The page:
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Dealing with Exercise-Related Ankle Injuries

Updated on March 11, 2015
Ankle injuries, unfortunately, are fairly common, but thankfully not all are serious.
Ankle injuries, unfortunately, are fairly common, but thankfully not all are serious. | Source

Ankle injuries are a fairly common malady for competitors in sports. However, they can also occur during an ordinary exercise routine, or even while walking down the street. Used properly, though, exercise may help you recover from an ankle injury, and even prevent it from occurring in the future.

Dealing with an Ankle Injury

Being safe and employing proper technique during your normal exercise routine is always important. However, this is especially critical after you injure your ankle for several reasons, including helping the ankle heal properly, minimizing the pain and severity of the injury and avoiding aggravating or worsening the injury.

Many ankle injuries involve some form of stretching or tearing of the ankle ligament. Overuse of the injured ankle during exercise may aggravate these problems; therefore, you may need to take some time off -- at least from exercises that involve movement of or pressure to the ankle -- to rest the joint and and allow it to heal. Your doctor will be able to provide you with specific treatment recommendations for your situation.

Pain, stiffness, swelling or all of the above are common symptoms of a sprained or fractured ankle.
Pain, stiffness, swelling or all of the above are common symptoms of a sprained or fractured ankle. | Source

Healing and Recovery

Each ankle injury is different, so make sure you allow yourself the time to heal properly and fully before you begin any rigorous workout. Your doctor will likely recommend that during this rest period you keep your ankle iced, wrapped and elevated to reduce swelling. Once you are able to stand on the foot again without significant pain, he will likely allow you resume some exercise on the ankle.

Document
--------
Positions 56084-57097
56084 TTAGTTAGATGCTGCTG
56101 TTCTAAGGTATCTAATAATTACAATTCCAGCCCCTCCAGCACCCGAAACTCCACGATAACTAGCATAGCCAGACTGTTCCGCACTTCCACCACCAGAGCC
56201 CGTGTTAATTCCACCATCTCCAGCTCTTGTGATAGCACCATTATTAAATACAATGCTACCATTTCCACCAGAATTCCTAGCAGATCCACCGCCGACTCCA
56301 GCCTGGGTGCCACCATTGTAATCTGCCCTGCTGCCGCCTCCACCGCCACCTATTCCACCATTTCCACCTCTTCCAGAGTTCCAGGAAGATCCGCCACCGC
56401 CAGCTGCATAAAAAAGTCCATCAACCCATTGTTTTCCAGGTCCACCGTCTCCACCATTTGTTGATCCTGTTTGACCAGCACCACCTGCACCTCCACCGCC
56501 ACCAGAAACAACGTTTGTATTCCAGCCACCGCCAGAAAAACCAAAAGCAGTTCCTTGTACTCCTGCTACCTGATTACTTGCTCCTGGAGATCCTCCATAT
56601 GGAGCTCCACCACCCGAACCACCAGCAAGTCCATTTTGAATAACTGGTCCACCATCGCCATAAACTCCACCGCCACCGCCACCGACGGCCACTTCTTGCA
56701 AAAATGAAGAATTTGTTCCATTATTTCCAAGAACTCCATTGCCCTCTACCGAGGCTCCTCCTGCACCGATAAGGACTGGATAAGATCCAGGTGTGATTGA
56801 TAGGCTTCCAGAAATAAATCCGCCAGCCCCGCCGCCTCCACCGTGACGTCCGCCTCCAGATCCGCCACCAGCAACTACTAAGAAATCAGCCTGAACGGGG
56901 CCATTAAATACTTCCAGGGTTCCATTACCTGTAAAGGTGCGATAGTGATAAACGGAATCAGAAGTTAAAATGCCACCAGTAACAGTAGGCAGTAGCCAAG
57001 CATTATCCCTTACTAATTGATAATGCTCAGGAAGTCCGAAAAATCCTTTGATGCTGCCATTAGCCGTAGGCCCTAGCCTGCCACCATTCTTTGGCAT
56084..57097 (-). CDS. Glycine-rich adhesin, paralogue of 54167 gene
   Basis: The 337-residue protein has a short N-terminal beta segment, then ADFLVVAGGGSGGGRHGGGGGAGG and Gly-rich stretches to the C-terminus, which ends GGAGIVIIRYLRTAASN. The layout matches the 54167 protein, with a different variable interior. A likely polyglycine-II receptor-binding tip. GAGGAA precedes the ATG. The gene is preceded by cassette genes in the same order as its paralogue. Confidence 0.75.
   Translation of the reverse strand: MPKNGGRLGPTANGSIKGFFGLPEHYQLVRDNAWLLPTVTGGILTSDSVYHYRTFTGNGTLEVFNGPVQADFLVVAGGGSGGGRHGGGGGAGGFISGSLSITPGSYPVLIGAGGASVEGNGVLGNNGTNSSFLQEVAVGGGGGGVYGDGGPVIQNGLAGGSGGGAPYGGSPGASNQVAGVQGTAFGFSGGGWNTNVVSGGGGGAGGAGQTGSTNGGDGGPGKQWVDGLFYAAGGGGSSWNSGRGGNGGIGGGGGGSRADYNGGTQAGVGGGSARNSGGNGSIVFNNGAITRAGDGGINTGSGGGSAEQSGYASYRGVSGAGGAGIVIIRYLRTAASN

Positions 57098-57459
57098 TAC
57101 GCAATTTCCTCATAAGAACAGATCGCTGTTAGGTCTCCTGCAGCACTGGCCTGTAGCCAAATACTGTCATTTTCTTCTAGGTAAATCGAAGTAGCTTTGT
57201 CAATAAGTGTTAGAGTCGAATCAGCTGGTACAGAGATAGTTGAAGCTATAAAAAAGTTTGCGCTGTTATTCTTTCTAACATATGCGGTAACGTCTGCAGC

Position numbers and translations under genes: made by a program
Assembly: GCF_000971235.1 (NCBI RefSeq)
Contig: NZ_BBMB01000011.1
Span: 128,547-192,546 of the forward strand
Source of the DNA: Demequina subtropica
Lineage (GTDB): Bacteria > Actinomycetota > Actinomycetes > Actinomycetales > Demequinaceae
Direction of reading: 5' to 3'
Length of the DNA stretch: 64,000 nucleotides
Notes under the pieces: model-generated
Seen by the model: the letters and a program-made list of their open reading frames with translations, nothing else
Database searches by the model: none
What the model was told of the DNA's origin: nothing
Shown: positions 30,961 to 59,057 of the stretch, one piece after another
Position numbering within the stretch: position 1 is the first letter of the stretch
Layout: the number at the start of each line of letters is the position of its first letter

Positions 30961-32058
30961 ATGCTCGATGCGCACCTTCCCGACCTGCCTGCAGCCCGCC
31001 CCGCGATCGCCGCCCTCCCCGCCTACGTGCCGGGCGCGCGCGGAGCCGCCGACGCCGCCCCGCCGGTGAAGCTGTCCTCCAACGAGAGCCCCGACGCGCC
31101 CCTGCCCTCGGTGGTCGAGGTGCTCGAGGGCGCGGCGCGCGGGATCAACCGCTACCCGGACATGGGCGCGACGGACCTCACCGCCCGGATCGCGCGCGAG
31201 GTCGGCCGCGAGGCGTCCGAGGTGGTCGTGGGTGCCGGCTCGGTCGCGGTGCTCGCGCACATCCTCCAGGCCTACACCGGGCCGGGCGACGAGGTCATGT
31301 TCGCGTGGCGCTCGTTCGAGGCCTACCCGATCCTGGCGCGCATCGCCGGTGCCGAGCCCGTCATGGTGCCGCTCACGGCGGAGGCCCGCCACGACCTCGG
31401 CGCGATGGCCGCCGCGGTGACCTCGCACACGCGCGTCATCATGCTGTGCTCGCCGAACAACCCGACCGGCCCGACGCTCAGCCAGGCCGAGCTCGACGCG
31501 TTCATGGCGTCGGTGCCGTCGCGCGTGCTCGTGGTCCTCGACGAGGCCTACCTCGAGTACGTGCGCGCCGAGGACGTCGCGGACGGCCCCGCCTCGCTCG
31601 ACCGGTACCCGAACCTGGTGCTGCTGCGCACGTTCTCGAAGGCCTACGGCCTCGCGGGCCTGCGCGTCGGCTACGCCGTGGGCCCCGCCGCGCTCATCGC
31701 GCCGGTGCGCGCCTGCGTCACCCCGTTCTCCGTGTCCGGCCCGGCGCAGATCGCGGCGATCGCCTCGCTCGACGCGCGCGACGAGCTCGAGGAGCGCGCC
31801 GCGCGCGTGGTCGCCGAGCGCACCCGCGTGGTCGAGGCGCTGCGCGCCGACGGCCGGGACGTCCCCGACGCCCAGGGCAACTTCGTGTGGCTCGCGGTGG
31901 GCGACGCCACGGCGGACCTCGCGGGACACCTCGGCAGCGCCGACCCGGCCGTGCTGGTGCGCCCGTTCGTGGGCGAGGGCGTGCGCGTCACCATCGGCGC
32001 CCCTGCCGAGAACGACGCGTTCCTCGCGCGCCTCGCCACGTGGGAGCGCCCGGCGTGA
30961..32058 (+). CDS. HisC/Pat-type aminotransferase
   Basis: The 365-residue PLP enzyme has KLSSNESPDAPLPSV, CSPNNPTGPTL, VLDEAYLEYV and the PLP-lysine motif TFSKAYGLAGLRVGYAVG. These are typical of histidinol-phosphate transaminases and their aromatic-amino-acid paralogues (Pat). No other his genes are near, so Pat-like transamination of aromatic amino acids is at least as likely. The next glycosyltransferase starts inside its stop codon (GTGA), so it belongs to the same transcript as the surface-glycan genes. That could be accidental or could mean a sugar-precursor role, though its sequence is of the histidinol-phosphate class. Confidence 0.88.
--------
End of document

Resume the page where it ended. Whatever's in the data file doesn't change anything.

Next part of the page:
Serious ankle injuries may require surgery.
Serious ankle injuries may require surgery. | Source

Resuming Activity

Stretching and exercising the injured ankle is actually very important once it begins to heal. This will help you regain any strength and range of motion in the ankle that you may have lost during the healing period. However, when you are ready to resume your regular workouts, it is important that you start slow and ease back into your normal routine. Doing too much too soon could land you back in the doctor's office with an even worse ankle injury than you had originally.

Your doctor may recommend that you wear a brace to protect your ankle until it is completely healed.
Your doctor may recommend that you wear a brace to protect your ankle until it is completely healed. | Source

Prevention

Whether you are returning from an ankle injury or are simply hoping to avoid one, you should be very careful to use proper equipment and proper technique during any exercise routine, and to only lift weight that you can manage with correct form. If you are unfamiliar with a particular technique, you should have a qualified instructor or personal trainer help you. This can help reduce your risk of further injury to the ankle, as well as to other parts of your body.

Box jumps are an example of a challenging and effective exercise when performed properly, but also of one that can lead to ankle and other injuries if performed improperly.
Box jumps are an example of a challenging and effective exercise when performed properly, but also of one that can lead to ankle and other injuries if performed improperly. | Source

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